Serious Question: Will We Ever Really Know Who Won the Iowa Caucuses?

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Posted: Feb 07, 2020 10:25 AM
Serious Question: Will We Ever Really Know Who Won the Iowa Caucuses?

Maybe, maybe not.  The initial results, with 100 percent of precincts finally reporting, show Pete Buttigieg winning the state delegates race by...one tenth of one percent -- while Bernie Sanders won the raw vote totals (i.e. the "popular vote") on both the first and second 'rounds' of caucusing.  Pete is calling it a win.  So is Bernie.  Given all sorts of irregularities and confusion, the Associated Press simply threw up its hands last evening:


Read this thread and try to make heads or tails of what's happening.  And then there's this:

According to a New York Times analysis, more than 100 precincts reported results that were internally inconsistent, that were missing data or that were not possible under the complex rules of the Iowa caucuses. In some cases, vote tallies do not add up. In others, precincts are shown allotting the wrong number of delegates to certain candidates. And in at least a few cases, the Iowa Democratic Party’s reported results do not match those reported by the precincts. Some of these inconsistencies may prove to be innocuous, and the irregularities do not indicate an intentional effort to compromise or rig the result. There is no apparent bias in favor of the leaders Pete Buttigieg or Bernie Sanders, meaning the overall effect on the winner’s margin may be small…The errors suggest that many Iowa caucus leaders struggled to follow the rules of their party’s caucuses, or to adopt the additional reporting requirements introduced since 2016. They show that the Iowa Democratic Party, despite the long delays, failed to validate all of the results fully before releasing them to the public.

The overall effect of the mistakes "may be small," but the margins at play here are infinitesimally small.  That's the point.  Overall, it seems as though the party didn't know its own rules, didn't count properly, and pushed out results to the public before actually validating them -- despite the humiliatingly long "quality control" delays.  A total cluster.  How will a statewide recanvass impact the still-unverified results?  And it keeps getting worse.  I'm beginning to doubt whether this will ever be truly and fully resolved, especially because I can't get this out of my head:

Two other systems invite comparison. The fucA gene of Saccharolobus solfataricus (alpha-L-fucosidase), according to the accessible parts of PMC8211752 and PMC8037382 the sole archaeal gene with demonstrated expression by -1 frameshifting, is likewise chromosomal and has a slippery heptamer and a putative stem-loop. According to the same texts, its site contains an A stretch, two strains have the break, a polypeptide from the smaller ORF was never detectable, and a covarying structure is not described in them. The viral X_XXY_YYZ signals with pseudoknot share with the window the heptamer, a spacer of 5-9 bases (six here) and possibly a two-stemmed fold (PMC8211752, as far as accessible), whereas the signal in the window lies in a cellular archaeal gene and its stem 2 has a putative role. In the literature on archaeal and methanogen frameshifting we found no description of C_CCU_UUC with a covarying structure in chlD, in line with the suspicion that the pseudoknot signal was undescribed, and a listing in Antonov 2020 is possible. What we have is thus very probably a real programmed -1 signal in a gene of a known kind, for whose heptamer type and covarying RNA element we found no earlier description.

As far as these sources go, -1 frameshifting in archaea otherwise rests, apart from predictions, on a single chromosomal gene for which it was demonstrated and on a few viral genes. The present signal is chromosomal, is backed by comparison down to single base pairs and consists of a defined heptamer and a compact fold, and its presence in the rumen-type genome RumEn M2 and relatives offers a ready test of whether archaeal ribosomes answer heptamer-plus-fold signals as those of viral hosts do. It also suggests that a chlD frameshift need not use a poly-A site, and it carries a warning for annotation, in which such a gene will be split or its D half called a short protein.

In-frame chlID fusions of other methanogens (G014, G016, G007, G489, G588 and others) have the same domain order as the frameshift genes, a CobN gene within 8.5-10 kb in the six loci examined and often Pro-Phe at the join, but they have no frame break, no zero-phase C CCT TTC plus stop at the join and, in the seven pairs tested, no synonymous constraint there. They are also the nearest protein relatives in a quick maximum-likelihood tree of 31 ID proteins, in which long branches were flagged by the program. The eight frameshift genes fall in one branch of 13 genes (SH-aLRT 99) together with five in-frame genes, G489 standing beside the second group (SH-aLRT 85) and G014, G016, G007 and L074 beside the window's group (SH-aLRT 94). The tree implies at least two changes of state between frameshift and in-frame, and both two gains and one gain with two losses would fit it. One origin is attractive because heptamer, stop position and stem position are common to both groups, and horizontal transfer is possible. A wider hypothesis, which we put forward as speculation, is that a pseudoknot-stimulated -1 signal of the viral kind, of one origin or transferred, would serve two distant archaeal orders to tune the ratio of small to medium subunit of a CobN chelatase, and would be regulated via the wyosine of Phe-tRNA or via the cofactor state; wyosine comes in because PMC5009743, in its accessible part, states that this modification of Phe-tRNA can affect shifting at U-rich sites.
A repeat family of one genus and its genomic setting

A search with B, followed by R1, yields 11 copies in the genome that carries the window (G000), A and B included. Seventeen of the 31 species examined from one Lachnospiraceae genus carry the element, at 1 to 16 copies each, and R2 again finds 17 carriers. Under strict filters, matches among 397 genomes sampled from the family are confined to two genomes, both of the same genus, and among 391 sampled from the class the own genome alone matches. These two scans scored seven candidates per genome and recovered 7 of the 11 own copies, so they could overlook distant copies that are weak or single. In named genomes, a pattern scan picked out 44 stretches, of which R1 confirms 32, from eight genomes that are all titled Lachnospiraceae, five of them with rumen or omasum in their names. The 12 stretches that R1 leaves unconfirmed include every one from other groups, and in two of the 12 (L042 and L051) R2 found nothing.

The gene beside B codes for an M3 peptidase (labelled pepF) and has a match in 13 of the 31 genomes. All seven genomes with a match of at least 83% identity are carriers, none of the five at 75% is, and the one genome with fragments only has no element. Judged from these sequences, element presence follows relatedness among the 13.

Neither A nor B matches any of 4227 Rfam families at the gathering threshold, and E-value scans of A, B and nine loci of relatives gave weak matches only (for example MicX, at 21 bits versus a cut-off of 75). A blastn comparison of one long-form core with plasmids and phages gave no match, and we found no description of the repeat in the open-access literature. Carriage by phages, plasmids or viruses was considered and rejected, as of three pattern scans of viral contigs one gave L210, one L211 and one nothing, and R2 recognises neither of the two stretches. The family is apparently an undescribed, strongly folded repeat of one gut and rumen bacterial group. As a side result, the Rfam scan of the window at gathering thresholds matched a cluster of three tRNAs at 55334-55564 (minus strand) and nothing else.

I think I generally share this mindset:


But wait, Buttigieg might actually get a small edge on DNC delegates, despite his microscopic and unconfirmed lead...which he holds despite winning thousands fewer votes than Sanders.  Good times.  Meanwhile, with Joe Biden in some real peril, he's received some welcome news out of South Carolina.  A new poll shows his firewall holding for now:


First of all, Steyer?  Secondly, would a solid Biden win in the Palmetto State help him find his footing and reverse Bernie's momentum (assuming the Vermont socialist wins at least one of the next two contests, of not both)?  It might, but a surging Buttigieg and a no-longer-freefalling Biden and a cash-flush Bloomberg waiting for Super Tuesday could be a disaster waiting to happen for the non-Bernie Democratic coalition.  Liberal writer Jonathan Chait explains:

While Sanders has not expanded beyond a minority of the party, he has consolidated support of the party’s left wing, and while its mainstream liberal wing is split between numerous contenders, it is hard to see how the situation is likely to improve soon. Indeed, it could get worse, much worse. The liberal conundrum begins with Joe Biden. The former vice-president led national polls until very recently, and has been the most plausible mainstream liberal candidate. At the same time, doubts about his ability to handle the rigors of the campaign at an advanced age have caused the Democratic Party to withhold the institutional support it gave Hillary Clinton. Yet his name was big enough to preclude a younger, more vigorous Democrat from emerging in the ideological space he occupied. Beto O’Rourke, Cory Booker, and Kamala Harris all tried and failed to run as ideological heirs of Barack Obama, because Obama’s actual partner was still there.

Yet Biden underperformed in Iowa, and his campaign appears to be deflating, at least momentarily. So what to do? One strategy would be to rally around him, on the grounds that no other candidate has or will have his name recognition and ties to black voters. The other strategy is to hope his campaign collapses as quickly as possible, so that another contender can emerge. (More about them below.) At the moment it is not clear which strategy makes sense. And in the absence of an effective party to coordinate, the most likely scenario is a combination of the two: Some Democrats back Biden, others defect, and others wait to see what happens. That would be the worst possible outcome: a long, slow, painful death that prevents another liberal from taking his place and allows Sanders to gain unstoppable momentum.

I'm not saying it's time for the anyone-but-Bernie crowd to panic, but it's unclear what the game plan will be if Sanders consolidates the progressive wing and all the 'moderates' stick around deep into the race.  I'll leave you with another sign of Elizabeth Warren's implosion:


Guess who she's blaming?